Star Trek fan film accused of copyright infringement for using Klingon, Vulcan ears
Alleged violations include the Klingon language, Vulcan ears and eyebrows
Back in December, Paramount Pictures and CBS Studios filed a copyright infringement complaint against a Star Trek fan film titled Axanar, arguing that the crowdfunded production infringed upon the studios’ work by using “innumerable” elements of the sci-fi franchise. In response, the defendants submitted a motion for dismissal, requesting specific details and examples of which copyrighted elements Axanar was allegedly using and how.
Now, Paramount and CBS have done just that, with an amended lawsuit that reads like the most detailed Star Trek encyclopedia ever.
The two studios filed an amended lawsuit on Friday that accuses Axanar and its accompanying short film, Prelude to Axanar, of infringing upon everything from the Klingon language to the “feel and mood” of the original Star Trek TV series and films. The updated lawsuit, obtained by EW, goes into specific details about Axanar’s alleged copyright violations, ranging from broad plot points (like the use of phasers and “beaming up”) to minute cosmetic details (like the gold cowl neck on a Starfleet Command uniform and the use of triangular medals).
“Defendants have intentionally sought to replicate the Star Trek Copyrighted Works (down to copying costumes, makeup and jewelry) and, in doing so, they have sought to create a ‘Star Trek’ film,” the lawsuit reads.
The lawsuit also argues that Axanar is infringing upon various races from the world of Trek, right down to the Klingons’ spiky makeup and the Vulcans’ pointy ears and eyebrows.
Other alleged infringements include characters like Garth of Izar and Vulcan ambassador Soval, as well as words like “dilithium,” which the lawsuit defines as “a crystalline substance used in warp propulsion systems to regulate the matter/antimatter reactions that provide the energy necessary for faster-than-light speed.” The lawsuit even calls out the name “Axanar” as an example of infringement, explaining that the word was first mentioned in the 1967 episode, “Court Martial.”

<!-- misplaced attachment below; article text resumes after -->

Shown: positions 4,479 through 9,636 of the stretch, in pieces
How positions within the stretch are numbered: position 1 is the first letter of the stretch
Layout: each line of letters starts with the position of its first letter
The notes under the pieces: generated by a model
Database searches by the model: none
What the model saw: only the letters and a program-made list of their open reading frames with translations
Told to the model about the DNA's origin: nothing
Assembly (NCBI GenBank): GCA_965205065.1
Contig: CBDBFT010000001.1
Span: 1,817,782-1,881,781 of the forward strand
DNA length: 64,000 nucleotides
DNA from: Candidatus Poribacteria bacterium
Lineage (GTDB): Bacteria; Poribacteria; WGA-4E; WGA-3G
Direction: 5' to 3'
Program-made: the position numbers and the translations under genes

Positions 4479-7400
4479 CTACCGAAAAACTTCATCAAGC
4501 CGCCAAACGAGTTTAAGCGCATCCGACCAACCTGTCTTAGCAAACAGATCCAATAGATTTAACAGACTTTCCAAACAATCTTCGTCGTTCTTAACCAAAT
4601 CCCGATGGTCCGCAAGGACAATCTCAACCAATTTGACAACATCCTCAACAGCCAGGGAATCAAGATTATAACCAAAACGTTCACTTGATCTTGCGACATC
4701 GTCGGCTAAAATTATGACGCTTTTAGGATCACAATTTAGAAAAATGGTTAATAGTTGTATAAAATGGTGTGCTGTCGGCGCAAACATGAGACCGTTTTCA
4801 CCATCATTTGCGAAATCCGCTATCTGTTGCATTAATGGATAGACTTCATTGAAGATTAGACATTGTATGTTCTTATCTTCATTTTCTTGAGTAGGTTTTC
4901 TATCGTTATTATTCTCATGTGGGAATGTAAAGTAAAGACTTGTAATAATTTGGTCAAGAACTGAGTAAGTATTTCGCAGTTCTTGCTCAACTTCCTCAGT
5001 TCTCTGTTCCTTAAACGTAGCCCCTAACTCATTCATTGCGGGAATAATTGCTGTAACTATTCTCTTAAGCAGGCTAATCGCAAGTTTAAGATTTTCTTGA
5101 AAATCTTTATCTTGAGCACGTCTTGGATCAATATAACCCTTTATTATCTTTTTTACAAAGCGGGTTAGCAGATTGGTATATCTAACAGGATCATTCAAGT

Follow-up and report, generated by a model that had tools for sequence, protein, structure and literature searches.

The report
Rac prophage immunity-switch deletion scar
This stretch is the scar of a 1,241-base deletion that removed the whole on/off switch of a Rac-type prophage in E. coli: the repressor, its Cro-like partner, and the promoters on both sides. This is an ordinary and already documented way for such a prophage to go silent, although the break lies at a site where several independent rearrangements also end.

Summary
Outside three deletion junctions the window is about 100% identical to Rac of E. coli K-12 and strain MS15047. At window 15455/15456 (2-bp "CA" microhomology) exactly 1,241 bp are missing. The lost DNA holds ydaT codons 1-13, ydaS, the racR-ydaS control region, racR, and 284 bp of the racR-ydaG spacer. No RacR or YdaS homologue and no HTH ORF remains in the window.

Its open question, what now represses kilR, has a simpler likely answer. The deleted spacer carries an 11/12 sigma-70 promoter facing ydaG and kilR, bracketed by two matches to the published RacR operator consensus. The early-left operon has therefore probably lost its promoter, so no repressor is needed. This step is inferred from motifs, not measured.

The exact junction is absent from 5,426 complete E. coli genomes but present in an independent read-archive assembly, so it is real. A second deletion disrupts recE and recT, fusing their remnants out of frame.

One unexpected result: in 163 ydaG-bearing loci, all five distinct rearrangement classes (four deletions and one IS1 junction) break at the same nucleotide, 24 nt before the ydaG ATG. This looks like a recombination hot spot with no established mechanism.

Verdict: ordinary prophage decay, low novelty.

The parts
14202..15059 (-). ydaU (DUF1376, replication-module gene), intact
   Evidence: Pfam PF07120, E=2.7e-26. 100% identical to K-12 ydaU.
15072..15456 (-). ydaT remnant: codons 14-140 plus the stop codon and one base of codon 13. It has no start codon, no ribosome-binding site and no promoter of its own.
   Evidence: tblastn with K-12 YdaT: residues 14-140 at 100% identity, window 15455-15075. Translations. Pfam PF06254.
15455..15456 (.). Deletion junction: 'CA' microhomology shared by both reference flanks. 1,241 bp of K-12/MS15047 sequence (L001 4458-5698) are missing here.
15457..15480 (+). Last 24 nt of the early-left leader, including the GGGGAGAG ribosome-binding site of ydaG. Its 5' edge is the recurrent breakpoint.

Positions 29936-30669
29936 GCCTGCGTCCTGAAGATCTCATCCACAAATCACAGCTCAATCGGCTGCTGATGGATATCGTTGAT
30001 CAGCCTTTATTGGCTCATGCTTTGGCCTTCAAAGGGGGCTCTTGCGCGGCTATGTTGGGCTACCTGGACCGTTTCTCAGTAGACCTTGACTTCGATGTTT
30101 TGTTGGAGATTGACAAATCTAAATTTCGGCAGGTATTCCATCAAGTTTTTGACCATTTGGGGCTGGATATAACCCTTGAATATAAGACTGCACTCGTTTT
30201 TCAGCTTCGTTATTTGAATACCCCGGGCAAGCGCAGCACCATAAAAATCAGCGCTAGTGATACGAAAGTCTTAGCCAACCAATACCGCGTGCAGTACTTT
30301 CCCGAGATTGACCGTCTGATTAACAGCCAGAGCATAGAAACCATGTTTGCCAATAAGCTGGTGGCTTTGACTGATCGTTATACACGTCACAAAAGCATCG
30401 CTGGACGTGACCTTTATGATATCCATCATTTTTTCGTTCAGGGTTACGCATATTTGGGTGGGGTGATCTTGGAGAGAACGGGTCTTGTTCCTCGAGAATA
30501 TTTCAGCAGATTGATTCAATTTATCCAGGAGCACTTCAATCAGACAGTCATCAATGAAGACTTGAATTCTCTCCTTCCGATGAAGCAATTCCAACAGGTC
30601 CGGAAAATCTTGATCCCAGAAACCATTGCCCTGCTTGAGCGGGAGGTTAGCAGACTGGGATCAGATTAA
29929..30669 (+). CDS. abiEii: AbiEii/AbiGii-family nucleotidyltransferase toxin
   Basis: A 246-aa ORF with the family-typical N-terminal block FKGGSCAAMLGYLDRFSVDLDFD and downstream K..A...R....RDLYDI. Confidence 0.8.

The lawsuit also argues that Axanar executive producer Alec Peters has admitted that the film violates Paramount and CBS’s copyright, as he told 1701News in February: “We violate CBS copyright less than any other fan film.”
Billed as a Star Trek prequel film that takes place 21 years before the first Captain Kirk episode of the original series, Axanar became a crowdfunding hit, raising more than $1 million on Indiegogo and Kickstarter. After the initial lawsuit was filed in December, Peters released a statement saying that the film is a “love letter to a beloved franchise.”
After Paramount and CBS filed the amended lawsuit, Star Trek Beyond director Justin Lin took to Twitter to voice his support for the Axanar filmmakers.
“This is getting ridiculous!” Lin wrote. “I support the fans. Trek belongs to all of us.”
UDPATE: Peters and Axanar Productions have released a statement in response to the amended lawsuit, thanking Lin for his support and asking fans to be patient as they craft a legal response.
“Obviously, we’re more than thrilled to have Justin Lin’s support,” Peters said. “We’re all huge fans of the Fast and Furious films, and we can’t wait to see what he does with Star Trek. What we’re seeing here is the fans and filmmakers supporting each other. We just hope the right people are paying attention.
Read the filmmakers’ full statement below.